So much heat, so little light!

Yesterday I read through William Clancy’s “Notes on Epistemology of a Rule-based Expert System”, the sort of thing I was working on in the late 80s. In the section that’s showing he writes, “I knew what all the words meant, but I couldn’t understand why the rule was correct. … More than a decade would pass before I realized that to have a representation in your pocket is not to be intelligent.” You see, I’ve come to an understanding of how that implicates itself into society’s deliberations concerning public policy, of how it ramifies itself down into the lived experience of the citizen.

The fact is what I was talking about in the late 70s really has arisen as “e-democracy”. And the web really has enabled fabulous new ways to communicate, blogs and such. Mailists, and forums … thousands, hundreds of thousands … and hundreds of thousands and millions of people exchanging views using formats that silo their words and thoughts, never to be seen again … all that so often well motivated energy and engagement generates very little more than heat.

My method is informed by dialectics and discourse ethics … not just “information in motion” (which can be nothing but churn) but actually task oriented, which is where the “evidence-based discourse” notion comes from. It’s fine and dandy to talk theory, that can be a big part of planning, but when push comes to shove (Heard that we’d figured out a solution to over-population and global warming recently? Well me neither. And that mess in Iraq shows no signs of straightening out any time soon.) things should get a little more gritty. Should, but most times don’t. And I think that’s just plain wrong.

Now the fact is that I’ve forever been a fan of PIMs and writing tools like outliners (“ThinkingCap” for the C=64 was easily the best I’ve ever found … go figure.) But I think there are bigger fish to fry. Or, to put it another way, we have real alligators to fight as we try to keep the swamp from flooding us out of house and home. Forums are usually places to blow off steam and the smartest software (just google “concept mapping”) tries to address all problems and is an effective solution to none.

What I’m suggesting approaches this from another perspective, informed by the needs of activities such as a) debating (say) public policy on such as sending warm squishy bodies into harm’s way and b) reaching a decision on such as (say) what sort of blade servers to buy.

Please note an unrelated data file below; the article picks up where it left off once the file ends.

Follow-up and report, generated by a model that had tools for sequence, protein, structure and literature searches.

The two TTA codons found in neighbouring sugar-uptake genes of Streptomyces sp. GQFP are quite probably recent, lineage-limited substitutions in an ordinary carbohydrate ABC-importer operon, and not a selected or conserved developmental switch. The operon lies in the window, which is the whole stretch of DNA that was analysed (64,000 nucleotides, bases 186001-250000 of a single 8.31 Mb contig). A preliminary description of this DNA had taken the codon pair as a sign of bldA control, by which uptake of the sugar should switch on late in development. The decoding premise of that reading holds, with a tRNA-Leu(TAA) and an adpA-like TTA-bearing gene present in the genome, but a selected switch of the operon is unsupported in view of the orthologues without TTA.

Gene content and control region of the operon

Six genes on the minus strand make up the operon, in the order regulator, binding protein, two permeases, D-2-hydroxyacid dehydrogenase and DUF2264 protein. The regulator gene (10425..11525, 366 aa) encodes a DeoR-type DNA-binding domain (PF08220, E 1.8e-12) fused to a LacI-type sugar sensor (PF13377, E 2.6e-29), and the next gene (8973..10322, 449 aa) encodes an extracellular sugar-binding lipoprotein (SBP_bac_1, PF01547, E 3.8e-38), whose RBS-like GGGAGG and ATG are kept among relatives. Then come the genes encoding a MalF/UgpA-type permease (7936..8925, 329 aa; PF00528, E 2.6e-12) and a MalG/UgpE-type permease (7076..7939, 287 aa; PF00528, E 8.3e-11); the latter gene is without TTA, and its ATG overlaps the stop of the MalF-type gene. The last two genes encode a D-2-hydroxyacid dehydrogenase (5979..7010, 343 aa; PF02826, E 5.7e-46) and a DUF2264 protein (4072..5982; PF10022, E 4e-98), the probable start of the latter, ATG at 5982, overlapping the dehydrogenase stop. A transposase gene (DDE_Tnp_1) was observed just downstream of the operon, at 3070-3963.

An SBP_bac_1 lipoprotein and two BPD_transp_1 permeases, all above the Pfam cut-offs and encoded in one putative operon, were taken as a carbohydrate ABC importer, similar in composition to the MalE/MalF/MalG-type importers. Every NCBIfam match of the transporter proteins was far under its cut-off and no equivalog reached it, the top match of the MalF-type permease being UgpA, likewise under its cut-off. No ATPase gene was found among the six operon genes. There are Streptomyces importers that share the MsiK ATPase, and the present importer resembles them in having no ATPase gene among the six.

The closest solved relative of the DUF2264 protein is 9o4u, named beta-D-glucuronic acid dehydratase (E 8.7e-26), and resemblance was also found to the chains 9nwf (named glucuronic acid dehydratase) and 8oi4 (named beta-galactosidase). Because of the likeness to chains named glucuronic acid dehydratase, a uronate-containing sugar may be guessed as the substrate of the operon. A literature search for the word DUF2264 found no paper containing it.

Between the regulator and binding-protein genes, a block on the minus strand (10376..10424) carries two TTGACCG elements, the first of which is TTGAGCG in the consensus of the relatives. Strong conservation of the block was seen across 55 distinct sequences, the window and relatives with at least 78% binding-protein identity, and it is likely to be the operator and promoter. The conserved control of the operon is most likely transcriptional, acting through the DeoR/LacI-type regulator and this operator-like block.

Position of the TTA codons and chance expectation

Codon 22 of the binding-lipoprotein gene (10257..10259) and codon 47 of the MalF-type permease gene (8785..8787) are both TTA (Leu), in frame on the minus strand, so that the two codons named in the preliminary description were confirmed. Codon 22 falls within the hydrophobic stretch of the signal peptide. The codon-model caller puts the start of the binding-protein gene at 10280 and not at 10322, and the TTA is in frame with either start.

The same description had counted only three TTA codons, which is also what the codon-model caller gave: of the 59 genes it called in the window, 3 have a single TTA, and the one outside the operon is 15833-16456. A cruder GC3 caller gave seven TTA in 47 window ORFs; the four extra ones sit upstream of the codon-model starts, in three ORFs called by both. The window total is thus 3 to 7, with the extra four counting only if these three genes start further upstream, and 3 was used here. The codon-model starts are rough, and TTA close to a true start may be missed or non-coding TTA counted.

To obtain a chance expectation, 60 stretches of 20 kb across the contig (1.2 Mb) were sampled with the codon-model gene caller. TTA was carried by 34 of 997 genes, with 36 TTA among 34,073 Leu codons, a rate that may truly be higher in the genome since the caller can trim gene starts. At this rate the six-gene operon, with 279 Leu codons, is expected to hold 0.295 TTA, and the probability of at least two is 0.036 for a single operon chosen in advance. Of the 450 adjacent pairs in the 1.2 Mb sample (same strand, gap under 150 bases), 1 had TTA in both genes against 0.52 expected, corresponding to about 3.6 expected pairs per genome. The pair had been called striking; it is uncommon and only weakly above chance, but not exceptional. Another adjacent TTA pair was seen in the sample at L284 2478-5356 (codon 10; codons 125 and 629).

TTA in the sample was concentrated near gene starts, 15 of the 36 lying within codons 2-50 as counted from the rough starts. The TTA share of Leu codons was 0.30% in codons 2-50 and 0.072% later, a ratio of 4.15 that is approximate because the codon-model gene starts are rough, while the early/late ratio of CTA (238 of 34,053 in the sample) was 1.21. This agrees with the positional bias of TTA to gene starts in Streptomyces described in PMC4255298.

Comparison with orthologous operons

What I’m thinking of isn’t just a new sort of forum. Imagine a social/interactive way of accessing *say* the NYTimes’ archives, or CIAO net (“Columbia International Affairs Online (CIAO) is a comprehensive source for theory and research in international affairs.) My reply to Leo was an attempt to set that out:

As I described it today (to a friend who teaches theology but is primarily interested in community building) while doing primitive IT for a resource center, creating presentations having to do with international trade, development, and global poverty, I found that I was communicating a very small set of concepts while using rhetoric (skilful presentation, rather than sophistry) to persuade and convince. In short what I was doing could not be described as education. And, given my motivation (our present form of democracy is the least-bad option) that bothered me.

I’ve been gnawing at this since ’75. As I described it today (to a friend who teaches theology but is primarily interested in community building) while doing primitive IT for a resource center, creating presentations having to do with international trade, development, and global poverty, I found that I was communicating a very small set of concepts while using rhetoric (skilful presentation, rather than sophistry) to persuade and convince. In short what I was doing could not be described as education. And, given my motivation (our present form of democracy is the least-bad option) that bothered me. When I think of the billions of words churning cyber-space … the idea that we don’t have effective participation or discussion bothers me still.

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